Saturday, 29 July 2006

Two classified SAR birds in one image

(click for larger image)

Under far from optimal conditions I was able to capture the trails of two
classified Radar birds on one image, only a few degrees apart: IGS 1B (2003-009B, #27699) and Lacrosse 4 (2000-047A, #26473).

This is a crop of the original image, reduced in resolution. In the center of
the image is Corona Borealis.

As the sky was very hazy the original colour image was quite fogged, so I
transferred it to B/W and then played with the contrast a bit to make the trails
stand out better.

It became overcast shortly after so no chance to capture the odd bird Lacrosse 5
again. My photograph of the 26th sparked a whole series of communications about the cause of the "disappearance trick" and the configuration of the Lacrosses in general.

Thursday, 27 July 2006

Lacrosse' 5 odd behaviour

Last night Lacrosse 5 (2005-016A, #28646) performed its amazing "disappearance trick" again, just as it did in March. This time however, it did while the camera was open: it was caught in the act of disappearing:

(click image for enlargement)

Movement is from bottom to top here. Lyra is well recognizable. You can see the trail quickly fading out (it takes maybe 2-3 seconds in total). In fact, the trail should end between 13 & 16 Lyr (the two stars above the trail) on this 10.7 s exposure. Also note that the satellite was nowhere near shadow entry at this time.

As Ted Molczan and Allan Thomson have stated, the suggestion is that a dark "something", perhaps an antenae panel, blocks view of the main body. At any rate, this behaviour is peculiar to Lacrosse 5 and not shown by Lacrosse 2, 3 & 4. In fact, Lacrosse 5 deviates in a number of things:

* it is brighter (visually and photographically);
* instead of red-orange it is yellow in colour;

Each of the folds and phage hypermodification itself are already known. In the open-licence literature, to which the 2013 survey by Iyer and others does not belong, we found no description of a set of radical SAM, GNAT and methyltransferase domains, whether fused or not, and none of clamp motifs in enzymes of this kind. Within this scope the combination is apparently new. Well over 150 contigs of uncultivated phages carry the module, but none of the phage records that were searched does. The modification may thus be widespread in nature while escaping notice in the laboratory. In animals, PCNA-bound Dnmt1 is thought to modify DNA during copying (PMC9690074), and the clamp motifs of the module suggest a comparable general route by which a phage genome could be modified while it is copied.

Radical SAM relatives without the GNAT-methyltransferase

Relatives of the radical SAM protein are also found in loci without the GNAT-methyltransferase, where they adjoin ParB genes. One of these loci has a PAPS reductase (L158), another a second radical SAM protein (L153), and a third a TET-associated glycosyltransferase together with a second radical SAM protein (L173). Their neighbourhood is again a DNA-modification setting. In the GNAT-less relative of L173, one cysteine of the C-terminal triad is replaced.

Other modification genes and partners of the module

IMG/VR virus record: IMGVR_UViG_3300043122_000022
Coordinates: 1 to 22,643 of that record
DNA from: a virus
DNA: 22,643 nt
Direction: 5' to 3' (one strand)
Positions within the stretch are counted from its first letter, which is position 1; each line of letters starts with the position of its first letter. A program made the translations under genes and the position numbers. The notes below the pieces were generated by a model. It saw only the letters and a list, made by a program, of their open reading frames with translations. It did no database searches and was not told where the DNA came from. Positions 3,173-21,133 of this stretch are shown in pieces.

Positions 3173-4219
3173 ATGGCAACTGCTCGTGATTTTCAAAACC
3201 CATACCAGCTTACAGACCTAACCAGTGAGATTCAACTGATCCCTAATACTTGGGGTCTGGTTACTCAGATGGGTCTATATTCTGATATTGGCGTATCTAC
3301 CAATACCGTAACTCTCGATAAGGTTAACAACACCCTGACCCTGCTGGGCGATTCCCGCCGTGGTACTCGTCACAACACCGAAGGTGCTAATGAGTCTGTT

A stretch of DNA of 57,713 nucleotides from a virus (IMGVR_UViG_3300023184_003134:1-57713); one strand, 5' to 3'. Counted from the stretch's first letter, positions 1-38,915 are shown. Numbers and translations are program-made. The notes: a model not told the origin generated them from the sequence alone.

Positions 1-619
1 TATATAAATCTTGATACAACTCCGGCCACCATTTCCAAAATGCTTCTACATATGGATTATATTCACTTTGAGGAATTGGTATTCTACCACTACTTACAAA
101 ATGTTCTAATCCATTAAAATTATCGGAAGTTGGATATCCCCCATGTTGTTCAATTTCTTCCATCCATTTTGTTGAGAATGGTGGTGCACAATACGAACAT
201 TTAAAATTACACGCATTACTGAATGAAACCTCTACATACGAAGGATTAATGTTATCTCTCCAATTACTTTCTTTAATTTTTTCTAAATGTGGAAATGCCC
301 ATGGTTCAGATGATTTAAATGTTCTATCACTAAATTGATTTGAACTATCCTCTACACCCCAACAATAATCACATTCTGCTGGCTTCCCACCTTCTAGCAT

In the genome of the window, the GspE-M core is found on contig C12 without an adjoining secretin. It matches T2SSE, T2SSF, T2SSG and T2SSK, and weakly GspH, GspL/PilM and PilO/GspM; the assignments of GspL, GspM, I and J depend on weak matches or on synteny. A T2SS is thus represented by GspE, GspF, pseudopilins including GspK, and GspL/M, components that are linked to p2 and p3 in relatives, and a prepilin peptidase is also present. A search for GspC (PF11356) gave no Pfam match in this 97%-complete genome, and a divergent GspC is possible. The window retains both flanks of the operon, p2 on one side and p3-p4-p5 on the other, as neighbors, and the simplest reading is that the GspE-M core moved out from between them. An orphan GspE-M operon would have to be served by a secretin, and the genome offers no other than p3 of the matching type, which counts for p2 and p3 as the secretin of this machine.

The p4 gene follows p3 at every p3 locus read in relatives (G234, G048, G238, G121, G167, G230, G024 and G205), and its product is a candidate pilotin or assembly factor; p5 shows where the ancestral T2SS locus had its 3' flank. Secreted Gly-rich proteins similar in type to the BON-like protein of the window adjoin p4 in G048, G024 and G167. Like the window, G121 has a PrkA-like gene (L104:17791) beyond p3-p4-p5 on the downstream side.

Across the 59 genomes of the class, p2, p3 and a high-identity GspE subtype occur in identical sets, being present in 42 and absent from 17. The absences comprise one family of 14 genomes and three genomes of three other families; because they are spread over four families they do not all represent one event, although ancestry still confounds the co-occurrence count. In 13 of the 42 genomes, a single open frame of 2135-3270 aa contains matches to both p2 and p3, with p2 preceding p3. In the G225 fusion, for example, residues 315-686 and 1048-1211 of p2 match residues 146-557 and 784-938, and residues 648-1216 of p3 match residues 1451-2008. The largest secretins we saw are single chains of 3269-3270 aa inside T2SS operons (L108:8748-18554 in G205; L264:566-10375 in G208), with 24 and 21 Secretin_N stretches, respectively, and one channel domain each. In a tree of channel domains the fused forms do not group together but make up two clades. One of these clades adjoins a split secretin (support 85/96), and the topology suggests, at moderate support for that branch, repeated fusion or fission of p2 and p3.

* the other Lacrosse-birds don't do the "disappearance-trick"
(instead, they show short flares)

To which Ted Molczan added:
* It is also the first not to employ a frozen orbit.

Other observations I did the past days, observations which due to various reasons I did not come to discuss here yet were:

- Lacrosse 4 on July 23rd
- IGS 1B and Lacrosse 3 & 4 on July 21st
- Lacrosse 3 on July 18th

Monday, 17 July 2006

Clear skies continue

Clear skies continue, so last night I have been tracking again. For the first time in several weeks a Keyhole let itself be imaged again: USA 161 (2001-044A)was imaged as a very faint trail. No flares this time. Lacrosse 3 (1997-064A) made a nice bright crisp trail, and I captured IGS 1B (2003-009B) while it was cleearing the roof.

Staying up late (untill after 2 am) is taking its toll now though, so the next days I might opt for sleep instead.

Sunday, 16 July 2006

Lacrosse 3 and 90-046B as a stray

Catched Kosmos 2082rk (90-046B) as a bright stray together with Lacrosse 3 (97-064A).

NLC's and satellites

Last Friday evening saw a major display of Noctilucent Clouds here. Casper ter Kuiile sent out the first alert around 23:00 CEST through our DMS Alert Network. I made a short stroll throught the city untill I found a spot with visibility low enough down to the horizon. Nice, I hadn't seen the eery blue glow of NLC's for a few years.